5 reasons Apple’s iPad Air event means more than you thought

“Apple is everywhere following its most recent product announcements, which tell us a lot about the company’s future intentions,” Jonny Evans writes for Computerworld.

“The new iPads hit an expanding market at a time of transition from PC to tablet. The best tablets available today, their 64-bit support means they will remain so until the next iPad upgrade,” Evans reports. “They’ll sell millions… The iPad Pro is the iPad Air. As 64-bit creative apps appear across the next 12-months, don’t be too surprised to see notebook sales cannibalized. This is still the beginning.”

“The move to offer Mavericks for free surprised many,” Evans reports. “It places another pillar of superiority between Apple and Microsoft. The latter cannot easily offer its OS for free, as it doesn’t manufacture hardware [that sells in any meaningful quantities outside of game concoles – MDN Ed.].”

More reasons in the full article here.

42 Comments

  1. This sounds like another hit for Apple. Too bad Obama (indirectly) spreaded Anti-Apple FUD when comparing Apple to Obamacare. Even our president thinks iPhone is “buggy, and glitchy”. I should ask him how his BlackBerry is doing after RIMM got sold. Our current government should NOT be compared to iOS…if anything, it should be compared to Android, no…his plans are so bad that they should be compared to Windows 98. As for the country that has the “iPhone” government, that should be Canada.

  2. I’m not sure why the big deal about Mavericks being free, let’s face it that’s been true on Linux and on mobile devices for a while.

    I see Microsoft execs are already slagging off the new iPads though. You can just smell the fear, cant you? 😀

    1. This is an extremely ignorant comment. Linux? Are you kidding me? An open source project hacked together by programmers that pick toe jam from between their toes? And what a mess it is, no one can use Linux without a degree in computer science. Not on a desktop, and don’t try to say that Android is Linux, it may have roots there but that doesn’t make it Linux any more than a fruit cake is made from fruit.

      Mobile has their operating systems monetized differently than desktops through subscriptions and subsidies that do not exist on desktops. Mobile OS upgrades are not free, you just pay for them differently.

      No commercial OS is “free” that’s just you being ignorant of how you are really paying the cost. Free is an illusion, the cost is still paid, trust me.

      1. Erm, I don’t have a degree in Computer Science yet can build Linux servers from the ground up easily enough. The Desktop variants are much easier than building GUI-less server installations too. Certainly worth knowing if you want to do more on a computer than throw it at IT support whenever you’ve got an issue.

        And yes, Mac users, plenty of them, do that too.

        Also, I really don’t get why you’re attacking me personally for labelling Mavericks “free”. Have you not been on the Web today? Everyone is describing it as such.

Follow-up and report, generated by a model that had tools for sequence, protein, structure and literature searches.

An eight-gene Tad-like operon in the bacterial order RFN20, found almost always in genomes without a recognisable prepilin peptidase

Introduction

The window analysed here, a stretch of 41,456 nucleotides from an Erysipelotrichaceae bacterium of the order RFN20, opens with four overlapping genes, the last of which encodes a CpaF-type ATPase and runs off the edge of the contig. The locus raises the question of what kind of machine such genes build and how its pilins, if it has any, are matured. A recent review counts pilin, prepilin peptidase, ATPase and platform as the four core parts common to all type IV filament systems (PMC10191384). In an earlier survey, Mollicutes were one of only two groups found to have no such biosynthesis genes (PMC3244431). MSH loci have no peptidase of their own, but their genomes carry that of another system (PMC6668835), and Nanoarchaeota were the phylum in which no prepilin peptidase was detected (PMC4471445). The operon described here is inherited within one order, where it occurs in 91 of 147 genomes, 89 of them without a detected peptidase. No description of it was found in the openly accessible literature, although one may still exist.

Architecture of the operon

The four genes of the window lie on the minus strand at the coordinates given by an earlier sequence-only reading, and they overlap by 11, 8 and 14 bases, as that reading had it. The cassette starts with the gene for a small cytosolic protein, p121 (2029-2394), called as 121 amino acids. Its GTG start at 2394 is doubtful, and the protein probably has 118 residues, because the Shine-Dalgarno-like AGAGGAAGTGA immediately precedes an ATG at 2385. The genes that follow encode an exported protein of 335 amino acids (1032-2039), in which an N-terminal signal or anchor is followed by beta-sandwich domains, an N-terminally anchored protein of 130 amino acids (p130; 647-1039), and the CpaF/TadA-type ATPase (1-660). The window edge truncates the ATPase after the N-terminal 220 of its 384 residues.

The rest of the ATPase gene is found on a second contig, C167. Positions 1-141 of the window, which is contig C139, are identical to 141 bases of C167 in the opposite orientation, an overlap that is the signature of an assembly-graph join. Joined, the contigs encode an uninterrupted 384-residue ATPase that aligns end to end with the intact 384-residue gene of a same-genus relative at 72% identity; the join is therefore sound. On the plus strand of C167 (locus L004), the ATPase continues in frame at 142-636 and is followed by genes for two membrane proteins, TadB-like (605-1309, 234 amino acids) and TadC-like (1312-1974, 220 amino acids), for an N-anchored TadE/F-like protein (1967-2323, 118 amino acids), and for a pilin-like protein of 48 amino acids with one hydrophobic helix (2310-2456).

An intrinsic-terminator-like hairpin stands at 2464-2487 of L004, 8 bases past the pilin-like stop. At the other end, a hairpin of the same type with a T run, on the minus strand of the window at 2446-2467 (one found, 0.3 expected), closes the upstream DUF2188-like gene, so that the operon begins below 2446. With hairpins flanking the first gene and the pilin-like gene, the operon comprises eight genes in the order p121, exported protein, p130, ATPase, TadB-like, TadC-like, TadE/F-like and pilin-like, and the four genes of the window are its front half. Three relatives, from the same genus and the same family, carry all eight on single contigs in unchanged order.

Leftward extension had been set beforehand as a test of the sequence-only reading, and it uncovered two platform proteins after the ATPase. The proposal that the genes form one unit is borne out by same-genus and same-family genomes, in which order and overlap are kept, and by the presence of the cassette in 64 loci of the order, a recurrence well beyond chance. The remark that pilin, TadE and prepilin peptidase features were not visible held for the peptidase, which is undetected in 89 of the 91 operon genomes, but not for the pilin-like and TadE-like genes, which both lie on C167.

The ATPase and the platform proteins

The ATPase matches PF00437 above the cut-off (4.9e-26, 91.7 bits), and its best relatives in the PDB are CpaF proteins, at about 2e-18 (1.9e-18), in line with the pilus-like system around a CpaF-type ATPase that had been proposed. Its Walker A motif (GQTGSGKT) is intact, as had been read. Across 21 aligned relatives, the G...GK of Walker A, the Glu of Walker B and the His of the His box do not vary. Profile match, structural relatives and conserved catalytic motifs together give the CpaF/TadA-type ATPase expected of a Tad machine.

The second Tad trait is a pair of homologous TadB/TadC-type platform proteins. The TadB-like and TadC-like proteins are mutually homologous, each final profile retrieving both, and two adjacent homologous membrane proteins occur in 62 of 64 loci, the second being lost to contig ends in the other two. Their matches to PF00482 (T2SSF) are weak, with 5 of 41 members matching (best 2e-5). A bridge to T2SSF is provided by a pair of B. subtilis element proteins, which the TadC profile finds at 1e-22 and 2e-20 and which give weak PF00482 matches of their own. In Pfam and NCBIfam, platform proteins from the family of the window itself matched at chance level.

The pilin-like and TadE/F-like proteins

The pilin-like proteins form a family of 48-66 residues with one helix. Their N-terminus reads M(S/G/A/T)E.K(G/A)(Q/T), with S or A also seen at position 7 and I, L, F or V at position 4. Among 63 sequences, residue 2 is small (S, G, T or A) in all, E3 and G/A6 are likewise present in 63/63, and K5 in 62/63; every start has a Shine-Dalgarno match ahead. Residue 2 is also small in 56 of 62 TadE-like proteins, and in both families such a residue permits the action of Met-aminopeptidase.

1. I attacked your assertion that “Mavericks is free” and “what’s the big deal”. If you stand by what you said, then explain why Linux vs a commercially backed up OS should be directly comparable. Similarly, why would you expect any professional product backed by a company to have a similar economic model to a hobbyist version?

          If you are brilliant enough to know how to set up and run Linux all by your lonesome, then bravo, but that doesn’t mean you have a solid grip of economics and business models. Why do you suppose that everything that a corporation does must be related to increasing it’s overall profits?

          Answer that question and you’ll have the reason why I called your comment ignorant.

      2. I think OSX Mavericks is a huge deal. Hopefully peoe will start to question why they are paying Microsoft hundreds of dollars for the convoluted mess that is Windows 8.

        But why all the hate on Linux? Linux May not be a hit on the desktop but most of the worlds back end servers run it. Especially web servers.

      3. I don’t have a degree in Computer Sciences and I’ve benn a Linux user since 1998. Switched in 2006 for Mac OS X.

        Having said that, Linux weaknesses have nothing to do with Linux per se.

        Linux issues were with hardware (because manufacturers did not made device drivers for Linux) and videogames (because game companies were not producing games for Linux). The Linux community had no responsibility on that. While most of the drivers were made by the community and they worked fine, a lot of them were so tied to Windows that building drivers was almost impossible.

        And regarding games, well, even Mac users were limited until no long ago. A games was not going to go for a Linux box. Even today, Windows is still the favorite gaming platform.

        Other than that, Linux is an awesome operating system. It’s stable as a rock. It had a much better GUI than Windows, and had for many, many years (Enlightenment, anyone?) It has been ahead of even Mac OS in many ways (Linux had “Spaces” since the 90’s) , their IP stack is much better than Windows, so browsing was way better, memory management is outstanding (runs well on computers most of us would catalog as junk) and has really neat pieces of software (I like OpenOffice better than MS Office. Not better than iWork, though), had great development tools, and it’s free.

        Those who critizice Linux so lightly is because they never got to use it. Linux is really good. With the right focus and support from hardware manufacturers, it could have been an awesome desktop OS.